CHICAGO (CBS) — Thousands of working parents have been left scrambling for childcare as Chicago Public Schools goes to all remote learning for the fall as the COVID-19 pandemic continues. Many parents want to know if the city is going to help. The city says the answer is yes, but so far they have not released any official plans.
Ever since Illinois moved into stages of reopening the demand for caregivers, particularly in Chicago, has skyrocketed. And as school districts started formally announcing a commitment to remote learning, it went up even more.READ MORE: Woman Shot, Critically Wounded In Humboldt Park Domestic Incident
“We have seen a triple digit increase in families looking for care,” said Carrie Cronkey, chief marketing officer for Care.com.
Cronkey said they have also seen a triple digit increase in caregivers applying to work as nannies, tutors and other types of supervisors.
“We’re also seeing this new trend of homeschool pods emerge where people are trying for a tutor or teacher to come and actually teach a small group of students in their home,” she said.
Chicago-based Sittercity CEO Elizabeth Harz has seen a similar trend of homeschool pods. They have also launched a virtual-sitting option where supervisors watch via video cam.READ MORE: Chicago Weather: Warm Temperatures, Humid Air Lift Into Area
“Folks weren’t comfortable having a sitter come into their home hire a professional childcare provider to spend some time with their children,” she said.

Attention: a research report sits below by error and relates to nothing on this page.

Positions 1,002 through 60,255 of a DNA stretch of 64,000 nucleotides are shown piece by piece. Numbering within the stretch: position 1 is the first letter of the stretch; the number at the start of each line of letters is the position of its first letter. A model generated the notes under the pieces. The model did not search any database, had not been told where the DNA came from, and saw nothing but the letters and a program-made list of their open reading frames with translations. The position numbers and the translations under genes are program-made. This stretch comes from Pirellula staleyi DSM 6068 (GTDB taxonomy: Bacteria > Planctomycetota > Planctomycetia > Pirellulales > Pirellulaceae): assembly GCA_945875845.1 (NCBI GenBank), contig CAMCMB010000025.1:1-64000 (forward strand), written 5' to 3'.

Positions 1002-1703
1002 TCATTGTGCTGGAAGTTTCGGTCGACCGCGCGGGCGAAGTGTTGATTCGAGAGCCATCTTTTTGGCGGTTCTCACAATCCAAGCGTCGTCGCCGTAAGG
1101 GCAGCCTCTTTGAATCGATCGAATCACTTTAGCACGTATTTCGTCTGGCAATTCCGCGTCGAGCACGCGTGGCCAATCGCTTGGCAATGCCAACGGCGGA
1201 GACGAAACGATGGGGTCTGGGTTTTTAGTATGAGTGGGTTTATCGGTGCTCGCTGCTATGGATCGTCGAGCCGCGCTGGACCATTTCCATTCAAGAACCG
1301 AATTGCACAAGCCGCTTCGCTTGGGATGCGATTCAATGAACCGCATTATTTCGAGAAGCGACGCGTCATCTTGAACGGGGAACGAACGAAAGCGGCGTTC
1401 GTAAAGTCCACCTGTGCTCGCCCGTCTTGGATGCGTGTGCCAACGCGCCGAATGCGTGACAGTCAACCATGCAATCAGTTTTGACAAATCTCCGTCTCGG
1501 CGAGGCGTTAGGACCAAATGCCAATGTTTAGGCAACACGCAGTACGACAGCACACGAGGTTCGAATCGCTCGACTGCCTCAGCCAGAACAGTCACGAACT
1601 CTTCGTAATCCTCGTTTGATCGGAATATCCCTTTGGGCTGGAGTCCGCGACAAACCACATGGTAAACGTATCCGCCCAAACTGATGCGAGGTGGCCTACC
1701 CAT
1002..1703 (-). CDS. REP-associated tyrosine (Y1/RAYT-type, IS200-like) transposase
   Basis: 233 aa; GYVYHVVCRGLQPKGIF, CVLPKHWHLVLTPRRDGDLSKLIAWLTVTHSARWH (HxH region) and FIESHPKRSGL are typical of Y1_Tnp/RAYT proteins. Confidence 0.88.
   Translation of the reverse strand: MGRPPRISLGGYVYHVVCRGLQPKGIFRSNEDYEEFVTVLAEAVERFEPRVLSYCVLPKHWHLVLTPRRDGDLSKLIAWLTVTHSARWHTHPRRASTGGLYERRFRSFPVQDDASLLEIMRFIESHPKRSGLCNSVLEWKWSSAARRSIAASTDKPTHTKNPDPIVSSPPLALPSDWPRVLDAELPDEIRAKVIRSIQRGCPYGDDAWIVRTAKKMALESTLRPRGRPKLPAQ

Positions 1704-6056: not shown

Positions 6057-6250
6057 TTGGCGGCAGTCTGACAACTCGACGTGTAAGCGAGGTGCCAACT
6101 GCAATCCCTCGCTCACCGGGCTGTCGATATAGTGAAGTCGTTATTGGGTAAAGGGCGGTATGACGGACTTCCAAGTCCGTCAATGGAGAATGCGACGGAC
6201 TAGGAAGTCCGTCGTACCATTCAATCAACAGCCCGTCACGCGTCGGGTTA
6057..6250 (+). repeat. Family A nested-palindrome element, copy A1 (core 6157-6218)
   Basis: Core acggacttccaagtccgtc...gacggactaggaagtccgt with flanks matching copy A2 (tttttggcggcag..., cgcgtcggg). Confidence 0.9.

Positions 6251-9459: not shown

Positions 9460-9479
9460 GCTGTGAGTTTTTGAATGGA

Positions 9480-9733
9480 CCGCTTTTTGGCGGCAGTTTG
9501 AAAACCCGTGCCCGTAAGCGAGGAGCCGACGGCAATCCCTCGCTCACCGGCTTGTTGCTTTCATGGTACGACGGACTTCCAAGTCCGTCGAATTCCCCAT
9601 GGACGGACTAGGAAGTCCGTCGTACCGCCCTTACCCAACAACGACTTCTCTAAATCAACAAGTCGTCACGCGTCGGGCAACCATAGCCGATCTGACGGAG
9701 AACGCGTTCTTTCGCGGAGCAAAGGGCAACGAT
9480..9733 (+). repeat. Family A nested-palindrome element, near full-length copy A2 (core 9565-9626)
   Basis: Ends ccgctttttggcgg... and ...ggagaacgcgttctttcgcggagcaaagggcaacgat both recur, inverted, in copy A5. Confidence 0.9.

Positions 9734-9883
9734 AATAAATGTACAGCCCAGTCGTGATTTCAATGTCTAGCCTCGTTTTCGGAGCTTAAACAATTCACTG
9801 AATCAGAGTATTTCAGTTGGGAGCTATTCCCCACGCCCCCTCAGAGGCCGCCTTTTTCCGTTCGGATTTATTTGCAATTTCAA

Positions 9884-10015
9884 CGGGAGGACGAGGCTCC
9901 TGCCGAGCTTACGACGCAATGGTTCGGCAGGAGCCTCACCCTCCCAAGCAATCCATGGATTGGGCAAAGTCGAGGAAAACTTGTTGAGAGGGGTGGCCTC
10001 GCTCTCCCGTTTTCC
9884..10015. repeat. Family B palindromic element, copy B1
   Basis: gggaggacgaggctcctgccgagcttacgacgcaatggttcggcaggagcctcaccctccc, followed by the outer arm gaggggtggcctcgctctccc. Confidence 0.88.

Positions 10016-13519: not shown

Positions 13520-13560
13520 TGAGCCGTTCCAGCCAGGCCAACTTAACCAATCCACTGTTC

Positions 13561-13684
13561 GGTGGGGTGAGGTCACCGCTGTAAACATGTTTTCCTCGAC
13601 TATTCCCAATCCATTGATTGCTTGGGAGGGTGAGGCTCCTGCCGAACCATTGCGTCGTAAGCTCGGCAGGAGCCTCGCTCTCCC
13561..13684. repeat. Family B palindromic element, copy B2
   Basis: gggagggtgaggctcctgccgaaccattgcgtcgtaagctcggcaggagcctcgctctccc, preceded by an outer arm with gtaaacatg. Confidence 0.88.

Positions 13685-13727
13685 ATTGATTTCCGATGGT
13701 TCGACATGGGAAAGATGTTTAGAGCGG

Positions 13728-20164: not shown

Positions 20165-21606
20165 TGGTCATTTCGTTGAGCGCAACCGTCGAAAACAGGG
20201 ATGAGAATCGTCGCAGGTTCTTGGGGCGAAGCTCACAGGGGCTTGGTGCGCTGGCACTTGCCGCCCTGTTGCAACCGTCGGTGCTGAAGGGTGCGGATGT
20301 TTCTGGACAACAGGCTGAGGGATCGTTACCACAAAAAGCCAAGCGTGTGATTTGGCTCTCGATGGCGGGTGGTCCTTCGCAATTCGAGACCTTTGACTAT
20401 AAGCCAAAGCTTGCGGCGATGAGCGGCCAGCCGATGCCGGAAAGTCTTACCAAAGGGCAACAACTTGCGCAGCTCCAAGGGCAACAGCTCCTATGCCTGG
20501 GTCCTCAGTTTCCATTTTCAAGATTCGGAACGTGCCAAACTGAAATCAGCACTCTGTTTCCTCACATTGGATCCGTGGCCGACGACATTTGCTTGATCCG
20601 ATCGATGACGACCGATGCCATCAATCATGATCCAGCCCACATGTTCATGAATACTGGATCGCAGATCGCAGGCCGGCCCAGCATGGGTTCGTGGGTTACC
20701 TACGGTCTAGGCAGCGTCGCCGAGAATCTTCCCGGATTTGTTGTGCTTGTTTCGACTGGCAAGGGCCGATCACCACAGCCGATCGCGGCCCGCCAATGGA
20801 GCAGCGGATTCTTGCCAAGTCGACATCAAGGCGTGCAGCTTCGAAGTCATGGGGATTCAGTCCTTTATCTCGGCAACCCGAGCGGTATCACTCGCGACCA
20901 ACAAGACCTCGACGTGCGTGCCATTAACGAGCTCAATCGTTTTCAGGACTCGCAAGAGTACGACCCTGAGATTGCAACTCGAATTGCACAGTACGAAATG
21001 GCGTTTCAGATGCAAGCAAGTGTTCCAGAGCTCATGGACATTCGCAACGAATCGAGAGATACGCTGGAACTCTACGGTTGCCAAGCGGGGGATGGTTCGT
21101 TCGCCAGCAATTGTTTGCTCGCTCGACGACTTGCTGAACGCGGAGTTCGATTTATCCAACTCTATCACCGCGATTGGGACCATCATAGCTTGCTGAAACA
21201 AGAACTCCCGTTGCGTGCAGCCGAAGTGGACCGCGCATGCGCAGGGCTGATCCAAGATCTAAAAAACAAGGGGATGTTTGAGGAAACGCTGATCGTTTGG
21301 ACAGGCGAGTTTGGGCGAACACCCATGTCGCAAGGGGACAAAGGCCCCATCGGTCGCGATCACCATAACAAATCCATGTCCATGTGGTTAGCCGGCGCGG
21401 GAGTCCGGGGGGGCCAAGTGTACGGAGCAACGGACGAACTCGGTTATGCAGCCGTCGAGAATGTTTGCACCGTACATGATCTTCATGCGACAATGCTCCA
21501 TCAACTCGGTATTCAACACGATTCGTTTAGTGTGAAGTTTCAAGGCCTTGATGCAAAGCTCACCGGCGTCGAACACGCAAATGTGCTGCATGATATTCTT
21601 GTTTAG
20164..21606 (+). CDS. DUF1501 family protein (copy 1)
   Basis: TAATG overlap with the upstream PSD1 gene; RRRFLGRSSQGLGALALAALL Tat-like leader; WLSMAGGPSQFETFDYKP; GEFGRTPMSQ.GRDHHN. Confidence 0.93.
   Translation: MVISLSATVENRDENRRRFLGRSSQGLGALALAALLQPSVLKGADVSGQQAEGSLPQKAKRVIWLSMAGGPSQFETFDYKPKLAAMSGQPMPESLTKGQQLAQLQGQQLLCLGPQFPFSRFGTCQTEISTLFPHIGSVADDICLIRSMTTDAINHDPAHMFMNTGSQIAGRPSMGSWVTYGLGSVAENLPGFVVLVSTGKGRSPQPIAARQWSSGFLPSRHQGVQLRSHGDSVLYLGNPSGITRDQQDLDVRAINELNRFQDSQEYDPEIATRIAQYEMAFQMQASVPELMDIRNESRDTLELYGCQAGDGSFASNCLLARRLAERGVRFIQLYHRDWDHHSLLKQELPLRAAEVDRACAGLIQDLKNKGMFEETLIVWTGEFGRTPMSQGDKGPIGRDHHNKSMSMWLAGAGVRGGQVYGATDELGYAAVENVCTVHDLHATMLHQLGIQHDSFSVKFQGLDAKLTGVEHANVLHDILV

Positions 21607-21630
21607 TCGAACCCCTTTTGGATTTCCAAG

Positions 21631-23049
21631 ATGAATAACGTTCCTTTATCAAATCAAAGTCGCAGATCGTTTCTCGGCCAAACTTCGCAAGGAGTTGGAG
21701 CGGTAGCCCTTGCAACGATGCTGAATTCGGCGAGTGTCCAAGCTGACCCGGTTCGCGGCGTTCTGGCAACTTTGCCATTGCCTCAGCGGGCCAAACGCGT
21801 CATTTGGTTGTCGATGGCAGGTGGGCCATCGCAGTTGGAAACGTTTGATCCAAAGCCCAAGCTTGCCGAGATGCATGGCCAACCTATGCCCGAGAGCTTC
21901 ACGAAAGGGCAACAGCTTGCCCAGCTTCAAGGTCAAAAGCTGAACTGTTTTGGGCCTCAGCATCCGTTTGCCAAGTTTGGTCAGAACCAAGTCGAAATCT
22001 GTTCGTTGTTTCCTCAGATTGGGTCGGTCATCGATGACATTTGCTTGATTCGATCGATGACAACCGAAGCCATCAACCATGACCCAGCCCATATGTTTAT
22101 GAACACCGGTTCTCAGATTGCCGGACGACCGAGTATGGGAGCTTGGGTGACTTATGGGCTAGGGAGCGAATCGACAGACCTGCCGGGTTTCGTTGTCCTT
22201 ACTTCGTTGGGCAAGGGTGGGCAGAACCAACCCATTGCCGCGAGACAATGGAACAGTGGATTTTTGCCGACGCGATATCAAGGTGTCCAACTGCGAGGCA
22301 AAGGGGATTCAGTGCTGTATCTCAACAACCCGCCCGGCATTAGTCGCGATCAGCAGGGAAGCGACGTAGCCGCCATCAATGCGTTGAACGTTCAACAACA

But many CPS parents are still left asking what the city will do to help. Thursday CPS pointed CBS 2 to comments made yesterday by Mayor Lori Lightfoot and CPS CEO Janice Jackson that they are working on an outline, which will include options outside of the home.
There was still no answer by 5 p.m. Thursday when CBS 2 asked whether Chicago could follow in the footsteps of New York City, where Mayor Bill de Blasio pledged free child care for at least 100,000 children. New York City and other cities have said they will utilize community centers, libraries and cultural organizations.
Cronkey said so far supply has been able to meet demand. She said they have seen a significant jump in college students applying to be caregivers, taking advantage of their own remote learning situations to earn a few more bucks.
Care.com conducted a survey of 2,000 families, and only 17% said they were prepared to continue with distance learning.MORE NEWS: Search Continues For Missing 12-Year-Old Kyrin Carter Who Has Autism, Last Seen At Best Western In Hammond, Indiana
There was no timeline Thursday on exactly when parents will get more guidance on childcare options though the city.